I assure you that I have explained to [Richard Swiech] the breadth of what you are searching for, and I am confident that he understands. I do not believe there are any responsive files, e-mails or otherwise, which are available from the hard drive which have not been produced.
I have had some additional conversations with my client to absolutely verify that there was nothing else [on the Hard Drive]. It looks like there was a misunderstanding regarding what was responsive and needed to be produced, so I'm learning there are some additional documents, mostly emails I believe, which may be responsive and were not produced.
Moreover, the case law establishes that a discovery request is not necessary to trigger this duty. A party clearly is on notice of the relevance of evidence once it receives a discovery request. However, the complaint itself may also alert a party that certain information is relevant and likely to be sought in discovery.
[B]ased on the record in this case, this court makes the preliminary findings necessary to submit the spoliation evidence and an adverse inference instruction to the jury. But the record also presents conflicting evidence about the reasons the defendants deleted the emails and attachments; evidence that some of the deleted emails and attachments were favorable to the defendants; and an extensive amount of other evidence for the plaintiff to use. As a result, the jury will not be instructed that the defendants engaged in intentional misconduct. Instead, the instruction will ask the jury to decide whether the defendants intentionally deleted emails and attachments to prevent their use in litigation. If the jury finds such misconduct, the jury must then decide, considering all the evidence, whether to infer that the lost information would have been unfavorable to the defendants. Rather than instruct the jury*393 on the rebuttable presumption steps, it is sufficient to present the ultimate issue: whether, if the jury has found bad-faith destruction, the jury will then decide to draw the inference that the lost information would have been unfavorable to the defendants.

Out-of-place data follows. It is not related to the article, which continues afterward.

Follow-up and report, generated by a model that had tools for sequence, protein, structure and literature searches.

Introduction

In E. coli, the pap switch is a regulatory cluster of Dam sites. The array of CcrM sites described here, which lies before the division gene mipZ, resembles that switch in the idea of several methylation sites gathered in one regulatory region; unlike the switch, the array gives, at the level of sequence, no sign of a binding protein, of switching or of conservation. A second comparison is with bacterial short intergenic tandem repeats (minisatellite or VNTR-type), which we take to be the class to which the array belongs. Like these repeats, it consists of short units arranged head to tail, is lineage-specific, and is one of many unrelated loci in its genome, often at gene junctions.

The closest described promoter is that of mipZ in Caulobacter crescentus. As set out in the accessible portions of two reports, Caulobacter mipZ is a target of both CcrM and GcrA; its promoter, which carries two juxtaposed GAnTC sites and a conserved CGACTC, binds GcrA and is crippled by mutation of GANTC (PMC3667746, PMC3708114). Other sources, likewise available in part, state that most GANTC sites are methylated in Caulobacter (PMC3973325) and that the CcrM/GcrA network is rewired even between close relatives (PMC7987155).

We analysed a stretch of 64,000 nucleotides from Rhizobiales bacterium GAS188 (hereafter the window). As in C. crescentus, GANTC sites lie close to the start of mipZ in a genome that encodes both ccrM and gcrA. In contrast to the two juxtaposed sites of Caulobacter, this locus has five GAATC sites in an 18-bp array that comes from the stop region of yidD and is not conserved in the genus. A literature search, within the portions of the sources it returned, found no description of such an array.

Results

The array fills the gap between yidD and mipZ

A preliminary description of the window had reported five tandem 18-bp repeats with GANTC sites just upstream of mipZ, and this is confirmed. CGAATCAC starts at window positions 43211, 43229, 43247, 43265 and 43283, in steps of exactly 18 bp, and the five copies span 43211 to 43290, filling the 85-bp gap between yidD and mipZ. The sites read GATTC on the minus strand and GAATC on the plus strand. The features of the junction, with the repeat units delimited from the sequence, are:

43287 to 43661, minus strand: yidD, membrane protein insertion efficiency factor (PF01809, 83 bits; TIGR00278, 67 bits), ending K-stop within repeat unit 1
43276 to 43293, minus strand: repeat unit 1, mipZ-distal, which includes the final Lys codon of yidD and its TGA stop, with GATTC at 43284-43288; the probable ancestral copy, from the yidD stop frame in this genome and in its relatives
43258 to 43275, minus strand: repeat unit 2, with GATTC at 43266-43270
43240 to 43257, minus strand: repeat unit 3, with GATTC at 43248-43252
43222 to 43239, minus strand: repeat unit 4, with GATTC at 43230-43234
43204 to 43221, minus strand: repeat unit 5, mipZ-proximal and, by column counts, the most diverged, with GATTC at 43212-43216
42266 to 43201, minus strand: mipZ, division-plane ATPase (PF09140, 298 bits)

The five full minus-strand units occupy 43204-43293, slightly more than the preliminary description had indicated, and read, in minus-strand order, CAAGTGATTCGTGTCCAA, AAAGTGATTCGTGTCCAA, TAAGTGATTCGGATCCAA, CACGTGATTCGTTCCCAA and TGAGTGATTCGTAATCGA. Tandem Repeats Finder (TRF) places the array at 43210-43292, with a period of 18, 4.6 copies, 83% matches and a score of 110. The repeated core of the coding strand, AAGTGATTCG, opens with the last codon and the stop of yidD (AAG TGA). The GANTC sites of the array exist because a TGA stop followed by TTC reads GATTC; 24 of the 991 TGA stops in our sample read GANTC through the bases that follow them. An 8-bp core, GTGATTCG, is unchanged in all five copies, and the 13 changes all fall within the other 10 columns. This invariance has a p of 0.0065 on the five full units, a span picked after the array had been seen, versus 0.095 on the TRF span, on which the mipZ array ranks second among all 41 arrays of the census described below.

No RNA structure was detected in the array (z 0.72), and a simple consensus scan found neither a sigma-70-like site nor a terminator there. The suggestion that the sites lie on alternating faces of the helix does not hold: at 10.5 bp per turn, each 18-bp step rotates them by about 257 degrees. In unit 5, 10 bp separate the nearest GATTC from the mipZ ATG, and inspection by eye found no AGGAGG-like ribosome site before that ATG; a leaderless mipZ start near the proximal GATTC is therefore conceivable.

End of Document.